Structure Type: built works - commercial buildings - restaurants

Designers: Colley and Lemme, Architects (firm); C. J. Colley (architect); Emile Schroeder Lemme (architect)

Dates: constructed 1895-1896, demolished 1907

8 stories

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1090 Point Lobos Avenue
Sea Cliff, San Francisco, CA 94121-1449

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Building History

This second, new-from-the-ground-up building was begun in 1895 and completed by 02/1896. The architects C.J. Colley and Emile Lemme designed the building for owner Adolph Sutro, who also owned the nearby Sutro Baths, an important recreation center for San Francisco from its opening in 1893. The French architects produced an understandably Chateauesque design, influenced, perhaps by other high-profile hospitality landmarks of the era, most notably the completion of the Canadian Pacific's series of grand tourist hotels beginning in 1888 with the Banff Springs Hotel, followed by Quebec's Château Frontenac in 1893, both by the New York architect, Bruce Price (1845-1903).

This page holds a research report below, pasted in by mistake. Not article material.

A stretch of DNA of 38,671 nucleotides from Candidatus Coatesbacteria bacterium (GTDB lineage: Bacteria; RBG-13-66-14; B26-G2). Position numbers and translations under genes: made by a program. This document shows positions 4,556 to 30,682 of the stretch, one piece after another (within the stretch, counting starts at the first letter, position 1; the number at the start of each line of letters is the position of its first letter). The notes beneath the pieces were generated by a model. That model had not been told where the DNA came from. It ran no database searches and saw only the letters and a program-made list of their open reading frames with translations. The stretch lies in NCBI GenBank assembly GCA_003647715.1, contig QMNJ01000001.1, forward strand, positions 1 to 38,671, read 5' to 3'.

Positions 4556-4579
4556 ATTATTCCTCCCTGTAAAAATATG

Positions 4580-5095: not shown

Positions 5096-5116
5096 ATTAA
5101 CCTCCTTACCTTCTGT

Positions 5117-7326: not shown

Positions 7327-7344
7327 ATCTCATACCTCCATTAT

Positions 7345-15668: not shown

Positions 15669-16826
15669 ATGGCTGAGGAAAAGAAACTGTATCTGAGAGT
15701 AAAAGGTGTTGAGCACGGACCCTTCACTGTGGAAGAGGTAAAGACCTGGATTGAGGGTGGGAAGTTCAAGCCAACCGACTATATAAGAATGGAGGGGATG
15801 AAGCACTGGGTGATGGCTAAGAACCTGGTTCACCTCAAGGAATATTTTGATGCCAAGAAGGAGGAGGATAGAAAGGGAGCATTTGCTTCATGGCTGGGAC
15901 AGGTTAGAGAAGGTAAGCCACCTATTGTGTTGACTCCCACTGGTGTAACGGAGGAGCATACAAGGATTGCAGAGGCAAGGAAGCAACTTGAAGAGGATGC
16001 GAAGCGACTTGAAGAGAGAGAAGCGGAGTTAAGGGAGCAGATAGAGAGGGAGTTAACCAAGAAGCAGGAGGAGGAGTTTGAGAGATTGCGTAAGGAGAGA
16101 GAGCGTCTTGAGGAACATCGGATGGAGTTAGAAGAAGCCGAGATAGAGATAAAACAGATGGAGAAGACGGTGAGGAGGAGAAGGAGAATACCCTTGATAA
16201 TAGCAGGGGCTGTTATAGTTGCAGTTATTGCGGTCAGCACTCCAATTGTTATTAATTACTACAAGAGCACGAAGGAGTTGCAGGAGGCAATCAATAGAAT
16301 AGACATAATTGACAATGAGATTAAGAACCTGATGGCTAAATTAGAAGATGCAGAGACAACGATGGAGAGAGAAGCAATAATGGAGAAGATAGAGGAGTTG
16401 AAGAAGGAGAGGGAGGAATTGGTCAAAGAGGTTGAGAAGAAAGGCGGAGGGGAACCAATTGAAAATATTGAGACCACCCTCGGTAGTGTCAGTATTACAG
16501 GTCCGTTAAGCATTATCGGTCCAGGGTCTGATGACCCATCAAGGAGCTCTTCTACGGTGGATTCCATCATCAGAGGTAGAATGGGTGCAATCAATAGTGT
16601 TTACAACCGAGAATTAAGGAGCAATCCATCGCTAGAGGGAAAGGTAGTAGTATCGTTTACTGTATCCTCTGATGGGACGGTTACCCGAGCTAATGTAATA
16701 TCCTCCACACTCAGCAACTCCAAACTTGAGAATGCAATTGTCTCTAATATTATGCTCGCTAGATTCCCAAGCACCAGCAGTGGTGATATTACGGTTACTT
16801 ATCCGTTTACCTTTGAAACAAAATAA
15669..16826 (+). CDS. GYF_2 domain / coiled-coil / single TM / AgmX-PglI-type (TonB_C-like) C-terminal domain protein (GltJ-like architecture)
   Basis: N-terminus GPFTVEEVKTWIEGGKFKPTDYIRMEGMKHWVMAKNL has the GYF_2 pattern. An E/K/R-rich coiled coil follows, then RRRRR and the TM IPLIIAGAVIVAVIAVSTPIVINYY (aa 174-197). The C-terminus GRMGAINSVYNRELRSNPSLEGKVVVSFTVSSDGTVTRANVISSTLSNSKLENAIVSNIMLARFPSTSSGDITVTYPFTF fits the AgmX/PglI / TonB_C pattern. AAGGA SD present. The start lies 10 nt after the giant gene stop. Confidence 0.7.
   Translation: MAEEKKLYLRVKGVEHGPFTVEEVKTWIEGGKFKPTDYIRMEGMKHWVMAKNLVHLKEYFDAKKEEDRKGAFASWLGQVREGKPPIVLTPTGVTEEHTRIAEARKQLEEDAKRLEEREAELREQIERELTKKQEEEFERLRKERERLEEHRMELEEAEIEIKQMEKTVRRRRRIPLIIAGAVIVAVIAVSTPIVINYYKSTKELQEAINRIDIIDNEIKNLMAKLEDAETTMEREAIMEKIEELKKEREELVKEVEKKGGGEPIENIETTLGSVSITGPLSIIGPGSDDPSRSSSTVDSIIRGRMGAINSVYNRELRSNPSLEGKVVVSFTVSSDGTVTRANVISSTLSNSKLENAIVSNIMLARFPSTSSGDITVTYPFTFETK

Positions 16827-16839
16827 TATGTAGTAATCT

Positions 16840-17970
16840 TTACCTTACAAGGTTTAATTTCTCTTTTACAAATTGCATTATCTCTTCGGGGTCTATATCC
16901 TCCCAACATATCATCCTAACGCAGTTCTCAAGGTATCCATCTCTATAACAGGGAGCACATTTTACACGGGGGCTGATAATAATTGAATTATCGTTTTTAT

Sutro passed away in 1898, and the Sutro Family hired John Tait to operate the Cliff House #2's restaurant. While Tait was remodeling the Cliff House, a fire began that ultimately destroyed the immense restaurant on 09/07/1907.

Building Notes

In 1899, the San Francisco Chapter of the American Institute of Architects (AIA) hosted a luncheon at the Cliff House #2 honoring the presence of several foreign and East Coast architects serving on the design jury of Phoebe Apperson Hearst's University of California Design Competition of 1899. San Francisco lawyer Jacob Bert Reinstein (1853–1911) served as the Chairman of the Committee of the Phoebe A. Hearst Architectural Plan for the University of California. Another member of this committee was James C. Hooe (d. 12/1910), who worked as the the private secretary to Phoebe Apperson Hearst (1842-1919). Paul B. Tuzo (1867-1953) was an architect working Washington, DC. The influential English architect Richard Norman Shaw (1831-1912), prestigious Beaux-Arts architect Jean-Louis Pascal (1837-1920), German Huguenot architect Johann Paul Wallot (1841-1912), and New York architect Walter Cook (1846-1916) were all on this committee. All except for Shaw were present for this luncheon. (See "Architects from Distant Lands Feted by Their Craftsmen at the Cliff House," San Francisco Examiner, 09/13/1899, p. 4.)

PCAD id: 5103